As early as 2011, the question of what data sources to use to monitor progress towards the PSGs was a growing source of tension behind the scenes between the g7+ Group of Fragile and Conflict-affected States and their Northern partners. Discussions on how to monitor PSG policies led to the creation of two separate sets of indicators: country-level indicators and common indicators.
Country-level indicators are intended to track PSG goals in the security, economic and political contexts in which g7+ countries find themselves. So some country-level indicators will be unique to particular countries. Country-level indicators will be used to create national fragility assessments that will locate the assessed countries on a 5-level fragility spectrum from “crisis” to “resilience”. States’ initial location on the fragility spectrum could in principle serve as an approximate baseline against which to measure or estimate their progress towards achieving resilience.
Common indicators are common to all fragile states – like the under-five mortality rate, which was a key MDG indicator on child health. Fragile state governments have resisted common indicators claiming they primarily reflect the interests of donors. These North/South differences have been an ongoing source of tension and have slowed the IDPS’s momentum. Part of the reason for the slow-down is political. In fragile states without robust statistical systems – the large majority – nationwide household surveys are the only means of generating the reliable data needed to populate peacebuilding and statebuilding indicators. But the transparency that especially perceptions surveys generate can be politically embarrassing and even damaging to governments.
Moreover, for many fragile state governments the Northern emphasis on common indicators and cross-national surveys misses the critical point that the development and security challenges that confront fragile states are determined by their unique historical, cultural and political circumstances – a concern shared by many development researchers who rely on qualitative methods. Country-level indicators of progress can be designed to take the unique circumstances of fragile states into account; common indicators – by definition – cannot.
Suggested IDPS common indicators are similar in concept to MDG indicators. But many fragile state governments, along with aid critics in the North, are sceptical about the MDG model – and not without reason. First, the MDG monitoring process, which has relied heavily on cross-national survey data, has failed to reveal the very real developmental successes that have been achieved by sub-Saharan African states since 2000. The MDGs’ architects chose indicators that few African states could hope to achieve, while ignoring those in which they were making important gains.
Second, fragile states worry that common indicators may stigmatise them as “failures” and identify them as “poor performers” – assessments that can lead to reduced aid allocations or the imposition of harsh conditionality measures.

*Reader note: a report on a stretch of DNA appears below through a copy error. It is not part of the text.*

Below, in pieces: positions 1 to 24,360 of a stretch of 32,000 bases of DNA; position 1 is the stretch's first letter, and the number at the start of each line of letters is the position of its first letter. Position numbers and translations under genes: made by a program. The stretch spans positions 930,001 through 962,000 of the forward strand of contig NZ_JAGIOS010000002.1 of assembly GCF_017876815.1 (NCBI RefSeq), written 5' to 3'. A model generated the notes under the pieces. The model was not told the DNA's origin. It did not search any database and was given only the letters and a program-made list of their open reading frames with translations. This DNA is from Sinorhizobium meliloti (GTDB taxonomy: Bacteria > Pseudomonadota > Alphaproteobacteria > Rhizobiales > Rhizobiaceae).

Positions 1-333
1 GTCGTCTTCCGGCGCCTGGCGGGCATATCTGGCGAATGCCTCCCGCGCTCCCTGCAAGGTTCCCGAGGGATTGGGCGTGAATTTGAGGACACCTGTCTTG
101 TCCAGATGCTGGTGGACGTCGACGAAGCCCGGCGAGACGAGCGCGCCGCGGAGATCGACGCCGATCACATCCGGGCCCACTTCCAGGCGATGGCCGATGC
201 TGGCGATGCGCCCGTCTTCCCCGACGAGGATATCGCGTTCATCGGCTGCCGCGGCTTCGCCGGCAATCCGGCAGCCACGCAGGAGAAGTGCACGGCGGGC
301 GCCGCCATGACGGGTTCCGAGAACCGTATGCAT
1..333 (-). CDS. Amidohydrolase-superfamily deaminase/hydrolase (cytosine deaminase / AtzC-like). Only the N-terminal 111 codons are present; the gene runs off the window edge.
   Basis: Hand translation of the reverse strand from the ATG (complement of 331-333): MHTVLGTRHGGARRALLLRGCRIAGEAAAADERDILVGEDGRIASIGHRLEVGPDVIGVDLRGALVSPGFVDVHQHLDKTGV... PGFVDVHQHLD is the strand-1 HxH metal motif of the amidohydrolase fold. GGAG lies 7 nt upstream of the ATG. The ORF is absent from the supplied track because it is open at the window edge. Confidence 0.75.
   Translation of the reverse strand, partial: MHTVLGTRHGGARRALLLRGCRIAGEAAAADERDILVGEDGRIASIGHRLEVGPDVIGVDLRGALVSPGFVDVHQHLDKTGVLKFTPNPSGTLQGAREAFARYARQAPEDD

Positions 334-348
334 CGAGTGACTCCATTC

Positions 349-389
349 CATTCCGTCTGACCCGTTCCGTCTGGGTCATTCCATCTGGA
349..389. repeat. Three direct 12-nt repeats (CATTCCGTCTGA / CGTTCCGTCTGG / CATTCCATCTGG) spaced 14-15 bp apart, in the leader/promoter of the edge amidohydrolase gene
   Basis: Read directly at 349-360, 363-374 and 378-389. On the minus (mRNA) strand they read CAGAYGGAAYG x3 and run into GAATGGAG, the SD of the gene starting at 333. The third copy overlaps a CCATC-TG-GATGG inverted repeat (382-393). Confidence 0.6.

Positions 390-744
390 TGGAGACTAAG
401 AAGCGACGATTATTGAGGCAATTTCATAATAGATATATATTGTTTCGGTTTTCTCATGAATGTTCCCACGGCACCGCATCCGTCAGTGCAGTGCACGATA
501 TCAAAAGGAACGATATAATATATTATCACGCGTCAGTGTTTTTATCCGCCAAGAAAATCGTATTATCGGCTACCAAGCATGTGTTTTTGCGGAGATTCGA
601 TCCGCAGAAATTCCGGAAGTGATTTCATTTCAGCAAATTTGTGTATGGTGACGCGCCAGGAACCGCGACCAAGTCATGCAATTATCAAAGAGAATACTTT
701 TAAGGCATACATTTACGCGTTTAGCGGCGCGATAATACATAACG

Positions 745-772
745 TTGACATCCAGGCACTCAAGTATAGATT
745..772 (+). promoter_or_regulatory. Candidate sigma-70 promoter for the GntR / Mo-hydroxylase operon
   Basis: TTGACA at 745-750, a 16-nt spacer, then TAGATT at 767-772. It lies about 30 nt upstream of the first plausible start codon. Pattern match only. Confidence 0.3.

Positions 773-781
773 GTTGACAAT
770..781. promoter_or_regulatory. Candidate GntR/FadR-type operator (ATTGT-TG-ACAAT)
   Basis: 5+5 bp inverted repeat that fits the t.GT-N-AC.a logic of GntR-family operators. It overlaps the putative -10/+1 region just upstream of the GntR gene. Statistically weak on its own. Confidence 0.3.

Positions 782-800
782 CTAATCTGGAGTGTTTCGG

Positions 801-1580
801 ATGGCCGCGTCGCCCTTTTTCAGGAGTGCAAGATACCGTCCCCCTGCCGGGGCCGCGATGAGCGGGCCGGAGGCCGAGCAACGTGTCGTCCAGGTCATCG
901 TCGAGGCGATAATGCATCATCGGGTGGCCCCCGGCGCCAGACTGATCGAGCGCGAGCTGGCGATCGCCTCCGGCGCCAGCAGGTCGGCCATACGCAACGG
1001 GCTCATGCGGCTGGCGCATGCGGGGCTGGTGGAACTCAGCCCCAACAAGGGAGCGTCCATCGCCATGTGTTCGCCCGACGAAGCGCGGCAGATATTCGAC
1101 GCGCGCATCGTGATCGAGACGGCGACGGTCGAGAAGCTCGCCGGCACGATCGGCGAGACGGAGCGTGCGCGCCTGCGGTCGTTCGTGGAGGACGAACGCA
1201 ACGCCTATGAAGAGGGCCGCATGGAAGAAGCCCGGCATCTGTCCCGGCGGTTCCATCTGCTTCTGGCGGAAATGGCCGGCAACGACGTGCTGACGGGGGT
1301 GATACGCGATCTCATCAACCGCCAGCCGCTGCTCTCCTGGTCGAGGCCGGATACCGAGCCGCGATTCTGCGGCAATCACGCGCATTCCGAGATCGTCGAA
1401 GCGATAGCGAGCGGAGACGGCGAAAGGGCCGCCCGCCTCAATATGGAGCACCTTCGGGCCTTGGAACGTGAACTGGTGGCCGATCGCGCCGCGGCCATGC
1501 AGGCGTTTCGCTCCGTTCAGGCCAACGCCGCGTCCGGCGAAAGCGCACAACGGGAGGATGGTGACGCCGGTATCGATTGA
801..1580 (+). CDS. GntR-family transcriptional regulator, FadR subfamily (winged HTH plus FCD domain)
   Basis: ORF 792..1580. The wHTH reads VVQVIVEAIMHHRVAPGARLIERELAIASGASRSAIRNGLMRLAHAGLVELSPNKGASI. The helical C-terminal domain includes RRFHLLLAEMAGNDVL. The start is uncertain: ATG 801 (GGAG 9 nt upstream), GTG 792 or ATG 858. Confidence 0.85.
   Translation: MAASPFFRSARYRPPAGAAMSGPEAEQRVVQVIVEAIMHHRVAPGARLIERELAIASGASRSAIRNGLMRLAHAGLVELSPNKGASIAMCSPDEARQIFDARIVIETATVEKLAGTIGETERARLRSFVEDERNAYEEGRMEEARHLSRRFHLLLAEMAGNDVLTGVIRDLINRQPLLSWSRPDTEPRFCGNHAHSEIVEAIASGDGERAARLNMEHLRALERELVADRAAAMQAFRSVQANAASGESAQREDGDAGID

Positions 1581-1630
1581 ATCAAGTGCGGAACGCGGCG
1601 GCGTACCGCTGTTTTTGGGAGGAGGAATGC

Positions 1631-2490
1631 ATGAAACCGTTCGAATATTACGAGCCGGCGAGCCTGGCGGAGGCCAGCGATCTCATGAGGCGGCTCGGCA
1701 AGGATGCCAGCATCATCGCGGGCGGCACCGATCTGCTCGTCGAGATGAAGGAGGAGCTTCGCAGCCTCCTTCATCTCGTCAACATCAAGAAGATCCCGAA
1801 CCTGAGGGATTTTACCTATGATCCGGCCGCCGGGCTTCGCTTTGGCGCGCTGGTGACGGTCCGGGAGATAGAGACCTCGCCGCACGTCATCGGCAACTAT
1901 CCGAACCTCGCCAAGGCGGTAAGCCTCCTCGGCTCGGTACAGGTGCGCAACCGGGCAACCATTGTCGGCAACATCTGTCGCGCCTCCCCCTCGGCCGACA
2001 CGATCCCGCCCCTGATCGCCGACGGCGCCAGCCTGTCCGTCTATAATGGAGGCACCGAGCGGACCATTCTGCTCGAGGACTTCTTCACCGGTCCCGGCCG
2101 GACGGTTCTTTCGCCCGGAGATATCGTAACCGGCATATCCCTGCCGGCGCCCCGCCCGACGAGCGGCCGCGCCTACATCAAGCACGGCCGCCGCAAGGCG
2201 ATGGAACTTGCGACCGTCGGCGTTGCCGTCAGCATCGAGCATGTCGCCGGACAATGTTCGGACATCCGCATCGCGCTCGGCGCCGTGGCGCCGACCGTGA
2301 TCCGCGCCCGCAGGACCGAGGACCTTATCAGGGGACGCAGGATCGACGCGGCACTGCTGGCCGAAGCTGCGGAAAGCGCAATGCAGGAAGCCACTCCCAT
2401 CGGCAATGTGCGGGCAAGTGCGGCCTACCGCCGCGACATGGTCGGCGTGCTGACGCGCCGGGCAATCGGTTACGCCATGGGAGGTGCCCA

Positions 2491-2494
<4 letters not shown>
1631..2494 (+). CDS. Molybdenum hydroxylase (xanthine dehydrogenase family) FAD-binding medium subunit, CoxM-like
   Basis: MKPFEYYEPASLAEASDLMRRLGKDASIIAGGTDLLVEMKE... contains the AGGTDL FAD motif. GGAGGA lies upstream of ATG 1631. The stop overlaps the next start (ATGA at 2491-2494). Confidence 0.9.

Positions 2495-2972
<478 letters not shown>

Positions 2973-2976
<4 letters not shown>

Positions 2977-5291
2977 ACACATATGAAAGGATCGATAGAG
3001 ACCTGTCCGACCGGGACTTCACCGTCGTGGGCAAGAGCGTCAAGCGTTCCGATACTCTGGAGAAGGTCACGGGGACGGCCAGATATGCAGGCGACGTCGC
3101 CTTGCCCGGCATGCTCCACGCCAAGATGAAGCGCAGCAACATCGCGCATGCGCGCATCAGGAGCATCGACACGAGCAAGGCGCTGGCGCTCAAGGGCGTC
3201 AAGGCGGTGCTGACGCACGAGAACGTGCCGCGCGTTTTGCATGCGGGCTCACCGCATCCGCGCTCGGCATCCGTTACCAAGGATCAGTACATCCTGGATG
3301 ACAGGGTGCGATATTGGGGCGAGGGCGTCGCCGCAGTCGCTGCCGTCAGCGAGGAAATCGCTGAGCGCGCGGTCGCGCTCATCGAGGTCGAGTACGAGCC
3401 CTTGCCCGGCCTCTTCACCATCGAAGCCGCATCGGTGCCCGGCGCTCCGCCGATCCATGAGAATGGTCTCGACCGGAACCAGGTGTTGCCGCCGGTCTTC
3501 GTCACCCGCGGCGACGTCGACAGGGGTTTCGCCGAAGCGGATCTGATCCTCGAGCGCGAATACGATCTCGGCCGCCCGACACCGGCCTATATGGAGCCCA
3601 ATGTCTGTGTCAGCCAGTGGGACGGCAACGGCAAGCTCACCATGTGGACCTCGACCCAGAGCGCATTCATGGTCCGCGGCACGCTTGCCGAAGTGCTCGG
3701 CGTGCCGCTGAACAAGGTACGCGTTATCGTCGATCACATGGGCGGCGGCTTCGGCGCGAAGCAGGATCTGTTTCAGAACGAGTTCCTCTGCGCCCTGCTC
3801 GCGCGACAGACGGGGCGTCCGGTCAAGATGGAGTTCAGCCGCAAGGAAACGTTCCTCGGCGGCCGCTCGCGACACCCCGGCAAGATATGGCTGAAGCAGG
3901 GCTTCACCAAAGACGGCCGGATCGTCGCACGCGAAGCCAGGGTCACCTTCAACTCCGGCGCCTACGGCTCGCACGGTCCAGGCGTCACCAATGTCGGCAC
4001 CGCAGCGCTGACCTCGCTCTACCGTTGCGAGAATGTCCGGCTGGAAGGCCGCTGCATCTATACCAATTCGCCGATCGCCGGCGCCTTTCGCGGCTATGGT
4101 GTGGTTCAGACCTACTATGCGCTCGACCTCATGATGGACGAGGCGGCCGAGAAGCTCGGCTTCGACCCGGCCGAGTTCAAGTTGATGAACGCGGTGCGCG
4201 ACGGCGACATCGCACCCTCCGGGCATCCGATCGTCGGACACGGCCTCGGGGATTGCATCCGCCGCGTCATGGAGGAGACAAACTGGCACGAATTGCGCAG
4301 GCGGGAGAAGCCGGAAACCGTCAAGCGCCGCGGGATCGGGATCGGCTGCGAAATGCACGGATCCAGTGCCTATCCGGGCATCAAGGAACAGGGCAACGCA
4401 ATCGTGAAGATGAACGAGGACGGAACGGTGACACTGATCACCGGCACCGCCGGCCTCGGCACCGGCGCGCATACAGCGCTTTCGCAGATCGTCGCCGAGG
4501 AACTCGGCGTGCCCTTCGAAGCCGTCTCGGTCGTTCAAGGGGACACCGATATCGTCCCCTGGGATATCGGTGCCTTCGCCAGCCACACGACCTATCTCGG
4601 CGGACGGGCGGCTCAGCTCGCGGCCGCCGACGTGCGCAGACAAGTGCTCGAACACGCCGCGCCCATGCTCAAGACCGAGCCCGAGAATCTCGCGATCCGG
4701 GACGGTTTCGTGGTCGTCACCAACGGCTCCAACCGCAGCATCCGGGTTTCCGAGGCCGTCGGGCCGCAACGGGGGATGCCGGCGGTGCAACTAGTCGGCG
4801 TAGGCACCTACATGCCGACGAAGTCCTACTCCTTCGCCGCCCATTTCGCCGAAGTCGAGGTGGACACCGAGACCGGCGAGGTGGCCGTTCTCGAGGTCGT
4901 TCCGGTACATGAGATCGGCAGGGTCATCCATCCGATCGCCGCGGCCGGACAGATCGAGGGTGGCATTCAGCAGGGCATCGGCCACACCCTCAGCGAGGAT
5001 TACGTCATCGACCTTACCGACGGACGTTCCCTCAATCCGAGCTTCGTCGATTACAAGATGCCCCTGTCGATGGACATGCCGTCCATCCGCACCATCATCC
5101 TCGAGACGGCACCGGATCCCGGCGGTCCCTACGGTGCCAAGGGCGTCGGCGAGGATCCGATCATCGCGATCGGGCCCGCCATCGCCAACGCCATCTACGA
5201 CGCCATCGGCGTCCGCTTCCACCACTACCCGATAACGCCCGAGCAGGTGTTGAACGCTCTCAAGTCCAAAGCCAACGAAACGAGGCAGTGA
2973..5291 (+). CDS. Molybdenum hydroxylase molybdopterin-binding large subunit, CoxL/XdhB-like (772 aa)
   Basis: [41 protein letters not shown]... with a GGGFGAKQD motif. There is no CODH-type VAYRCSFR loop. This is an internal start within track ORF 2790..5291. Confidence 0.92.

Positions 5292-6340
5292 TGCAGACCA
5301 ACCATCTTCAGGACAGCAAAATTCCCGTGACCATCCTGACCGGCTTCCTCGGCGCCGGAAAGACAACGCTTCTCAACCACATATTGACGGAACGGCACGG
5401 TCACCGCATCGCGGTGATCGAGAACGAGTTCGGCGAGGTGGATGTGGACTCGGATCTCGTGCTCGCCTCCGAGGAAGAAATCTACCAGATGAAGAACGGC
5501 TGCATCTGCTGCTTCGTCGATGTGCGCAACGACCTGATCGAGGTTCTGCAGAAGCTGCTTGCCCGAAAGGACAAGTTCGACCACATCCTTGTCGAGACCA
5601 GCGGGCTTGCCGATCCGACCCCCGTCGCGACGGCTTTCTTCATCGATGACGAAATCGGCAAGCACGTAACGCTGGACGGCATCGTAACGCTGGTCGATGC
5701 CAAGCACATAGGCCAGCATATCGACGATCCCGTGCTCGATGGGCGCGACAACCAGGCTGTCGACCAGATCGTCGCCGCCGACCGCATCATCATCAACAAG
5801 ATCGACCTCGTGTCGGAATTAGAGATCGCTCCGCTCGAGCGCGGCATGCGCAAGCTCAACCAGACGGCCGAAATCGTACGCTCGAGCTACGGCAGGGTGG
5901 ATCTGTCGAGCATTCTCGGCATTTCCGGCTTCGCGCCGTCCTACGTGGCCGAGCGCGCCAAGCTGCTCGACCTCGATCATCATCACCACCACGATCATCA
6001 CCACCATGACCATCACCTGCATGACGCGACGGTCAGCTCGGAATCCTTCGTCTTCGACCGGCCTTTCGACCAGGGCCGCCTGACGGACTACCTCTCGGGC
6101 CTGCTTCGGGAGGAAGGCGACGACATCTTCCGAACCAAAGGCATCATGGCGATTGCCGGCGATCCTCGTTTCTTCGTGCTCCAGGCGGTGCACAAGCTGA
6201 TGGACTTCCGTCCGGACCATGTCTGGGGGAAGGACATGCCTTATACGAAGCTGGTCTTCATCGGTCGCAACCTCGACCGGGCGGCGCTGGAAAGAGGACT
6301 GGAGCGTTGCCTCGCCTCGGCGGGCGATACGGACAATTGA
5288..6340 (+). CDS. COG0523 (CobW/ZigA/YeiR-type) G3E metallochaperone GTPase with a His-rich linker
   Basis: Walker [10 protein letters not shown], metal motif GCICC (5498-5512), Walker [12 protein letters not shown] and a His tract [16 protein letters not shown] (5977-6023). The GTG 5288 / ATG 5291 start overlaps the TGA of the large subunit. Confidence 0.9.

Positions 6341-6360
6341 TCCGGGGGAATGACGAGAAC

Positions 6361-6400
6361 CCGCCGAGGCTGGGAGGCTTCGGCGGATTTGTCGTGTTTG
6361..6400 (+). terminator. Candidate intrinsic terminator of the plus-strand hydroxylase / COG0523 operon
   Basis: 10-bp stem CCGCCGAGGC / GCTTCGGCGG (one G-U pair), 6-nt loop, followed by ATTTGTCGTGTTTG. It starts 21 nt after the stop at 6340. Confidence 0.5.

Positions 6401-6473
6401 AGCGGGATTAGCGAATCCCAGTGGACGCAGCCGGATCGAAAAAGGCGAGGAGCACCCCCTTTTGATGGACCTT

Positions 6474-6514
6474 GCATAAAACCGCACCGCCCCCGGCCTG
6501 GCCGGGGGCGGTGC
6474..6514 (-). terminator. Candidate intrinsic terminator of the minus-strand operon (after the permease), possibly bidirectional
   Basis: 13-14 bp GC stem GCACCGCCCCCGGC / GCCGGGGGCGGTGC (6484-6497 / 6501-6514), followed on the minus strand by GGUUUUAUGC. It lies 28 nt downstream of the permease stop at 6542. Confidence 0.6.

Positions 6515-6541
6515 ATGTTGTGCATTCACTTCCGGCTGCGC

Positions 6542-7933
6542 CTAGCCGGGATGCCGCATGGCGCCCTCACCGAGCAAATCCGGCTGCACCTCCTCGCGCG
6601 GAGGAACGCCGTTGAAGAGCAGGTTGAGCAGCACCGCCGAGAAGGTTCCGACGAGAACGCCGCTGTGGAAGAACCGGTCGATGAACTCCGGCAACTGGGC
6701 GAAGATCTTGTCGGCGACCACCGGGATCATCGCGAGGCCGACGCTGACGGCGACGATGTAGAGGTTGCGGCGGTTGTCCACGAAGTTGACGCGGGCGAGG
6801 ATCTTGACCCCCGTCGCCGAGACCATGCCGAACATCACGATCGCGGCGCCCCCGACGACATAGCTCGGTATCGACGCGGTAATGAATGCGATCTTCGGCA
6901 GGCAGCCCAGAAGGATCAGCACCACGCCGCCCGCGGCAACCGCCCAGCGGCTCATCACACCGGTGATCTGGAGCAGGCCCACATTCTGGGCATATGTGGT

Third, the UN has asserted that the campaign to boost achievement of the MDGs is the “most successful global anti-poverty push in history”, a claim that appeared persuasive. Economic assistance to the MDG process has doubled in value since 2000, and as aid flows increased, development outcomes improved. But correlation is not the same as cause. In 2013 a major econometric study by UN economist Howard Friedman cast major doubts on the claim. Friedman did not question the fact that, on average, MDG development outcomes across the developing world had improved since 2000, but he pointed out that these indicators were mostly improving before 2000. The pre-2000 improvements cannot logically be attributed to aid flows that increased after 2000. This raised an obvious question: if the MDG process has not had the positive impact that its supporters claim, then why assume that the very similar IDPS process would be any more successful?
Finally, there is the question of trust. Developing countries’ scepticism arises from the repeated failures of donors to honour aid pledges. In 2005, for example, the G7 – the rich countries’ club – pledged to increase aid levels to sub-Saharan Africa by $25 billion within five years. But by 2010, less than half the promised amount had actually been delivered. Donors also have concerns. They can – and do – point to rent-seeking, inappropriate aid disbursements and pervasive corruption as part of the reason why aid has had so little measurable positive impact, particularly in fragile states.
The long history of failed aid policies is well understood in both donor and recipient countries – though accounts of who is responsible for the failures, not surprisingly, differ considerably. The failures have been a major driver of the two decade-long push by the Organisation for Economic Cooperation and Development (OECD) to improve the effectiveness of aid disbursements in both donor and recipient countries.